Saturday, January 25, 2014

Bad Blood | Bastille


★★★★☆

British band Bastille chose a good year to debut; 2013 was a great year for indie pop and rock artists, especially with the trend sparked by Lorde and Lana Del Rey, and this band just added to the greatness with their album Bad Blood.

Bastille was able to breakthrough into international markets with "Pompeii," which captivates everyone with it's tribal-like sound and strings of "eh-eh-oh-eh-oh" underneath the main vocals. It holds the indie-pop sound that has recently accelerated Lorde and The Neighbourhood in stardom, so it was only natural that Bastille came right along with them. Obviously Lorde has had the most success of the three, but the two all-male groups have also gotten some love from music listeners too.

The title track from the album is another highlight from the album. Personally, I quickly fell in love with the layered vocals of the pre-chorus while lead singer Dan Smith sings "These are the days that bind you together, forever / And these little things define you forever, forever." The great sound carries over into the chorus, as the instrumental track fills and the lyrics draw to "All this bad blood here, won't you let it dry? / It's been cold for years, won't you let it lie?"

Following "Bad Blood" comes the slightly-slower "Overjoyed," which finds Smith soaring into the stratosphere of his falsetto while singing "And I hear you calling in the dead of night / Oh, I hear you calling in the dead of the night." The song is a bit haunting and I feel like it's almost like it was inspired by the tracks of Coldplay's Viva la Vida or Death and All His Friends. The song seems like a B-side from the album, actually.

"The Weight of Living, Pt. II" kicks life back into the album, bringing a up-beat and happy sound. However, this sound somehow masks a darker theme of losing control under all of the pressures of life, as shown by the lyrics "You've lost control / Do you like the person you've become? / Under the weight of living" and "It all crept up on you, in the night it got you / And plagued your mind, it plagues your mind." This same technique of throwing a sad meaning into a happy song was used in "Pompeii" as well.

In between all of these songs that rely primarily on drums, electronic noises, and an overall sound that I can only seem to describe as "tribal," the primarily-piano ballad "Oblivion" seems to be haphazordly shoved in the middle of the album's track listing. I must say, though, that the harmonies that appear starting at the 1:40 mark of the song are beautiful, creating a choir-like sound, but the song as a whole just doesn't seem to mesh with the rest of the songs on Bad Blood.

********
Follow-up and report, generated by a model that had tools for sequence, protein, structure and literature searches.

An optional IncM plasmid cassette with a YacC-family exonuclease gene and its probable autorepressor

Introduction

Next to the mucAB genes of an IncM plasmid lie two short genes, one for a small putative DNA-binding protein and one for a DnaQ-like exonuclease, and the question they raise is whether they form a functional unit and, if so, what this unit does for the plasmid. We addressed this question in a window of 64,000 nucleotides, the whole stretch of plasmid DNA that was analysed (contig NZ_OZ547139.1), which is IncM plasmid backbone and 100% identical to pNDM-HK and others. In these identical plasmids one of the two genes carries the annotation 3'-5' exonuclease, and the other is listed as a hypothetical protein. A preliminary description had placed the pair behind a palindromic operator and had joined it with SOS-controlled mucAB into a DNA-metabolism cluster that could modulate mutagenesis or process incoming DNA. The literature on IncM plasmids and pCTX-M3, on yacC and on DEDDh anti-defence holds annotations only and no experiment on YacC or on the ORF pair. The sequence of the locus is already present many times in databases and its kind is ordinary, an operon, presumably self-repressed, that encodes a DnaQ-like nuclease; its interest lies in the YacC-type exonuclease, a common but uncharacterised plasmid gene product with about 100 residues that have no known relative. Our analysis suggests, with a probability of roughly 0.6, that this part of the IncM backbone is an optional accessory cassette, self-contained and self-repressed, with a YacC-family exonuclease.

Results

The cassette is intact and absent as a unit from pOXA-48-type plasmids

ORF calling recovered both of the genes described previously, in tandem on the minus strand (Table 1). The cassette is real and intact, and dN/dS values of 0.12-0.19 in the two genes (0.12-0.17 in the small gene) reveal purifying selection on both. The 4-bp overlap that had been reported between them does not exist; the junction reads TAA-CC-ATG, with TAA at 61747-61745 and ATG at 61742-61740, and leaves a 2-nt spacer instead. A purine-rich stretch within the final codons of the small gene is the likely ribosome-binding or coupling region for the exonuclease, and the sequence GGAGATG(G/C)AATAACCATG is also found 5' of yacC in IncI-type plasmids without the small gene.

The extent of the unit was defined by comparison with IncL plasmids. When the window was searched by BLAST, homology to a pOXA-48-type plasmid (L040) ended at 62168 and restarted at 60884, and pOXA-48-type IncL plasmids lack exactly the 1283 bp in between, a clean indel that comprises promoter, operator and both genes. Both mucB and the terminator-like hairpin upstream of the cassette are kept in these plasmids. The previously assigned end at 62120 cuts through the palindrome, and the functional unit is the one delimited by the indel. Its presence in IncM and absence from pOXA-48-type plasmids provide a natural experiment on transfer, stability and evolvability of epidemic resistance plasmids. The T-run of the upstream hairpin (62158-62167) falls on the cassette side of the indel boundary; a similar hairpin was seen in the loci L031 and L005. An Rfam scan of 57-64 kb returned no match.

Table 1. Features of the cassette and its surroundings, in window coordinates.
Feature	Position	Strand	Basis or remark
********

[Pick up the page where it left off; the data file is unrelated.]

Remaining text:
"Oblivion" picks up some help from some strings, which comes back later with "Laura Palmer." In the chorus of this song, the strings are incorporated and strung between the beats of drums and Smith singing "This is your heart / Can you feel it? Can you feel it? / Pumps through your veins / Can you feel it? Can you feel it?" The song seems to carry a bit heavier of a sound than "Pompeii," which proceeded it in the singles line-up from Bad Blood.

For a debut album, Bastille did well. They've found a sound that works and seems to be universally liked by alternative and indie fans alike. With a few more albums under their belt, they could solidify their spot as Coldplay 2.0. Obviously Coldplay will forever be the only Coldplay, but Bastille has got the same appeal as them. "Pompeii" introduced them to the world, and another smash-single could give them all the boost they need to gain a solid fan base. I was thoroughly impressed with Bad Blood, and I'm sure many others were as well.

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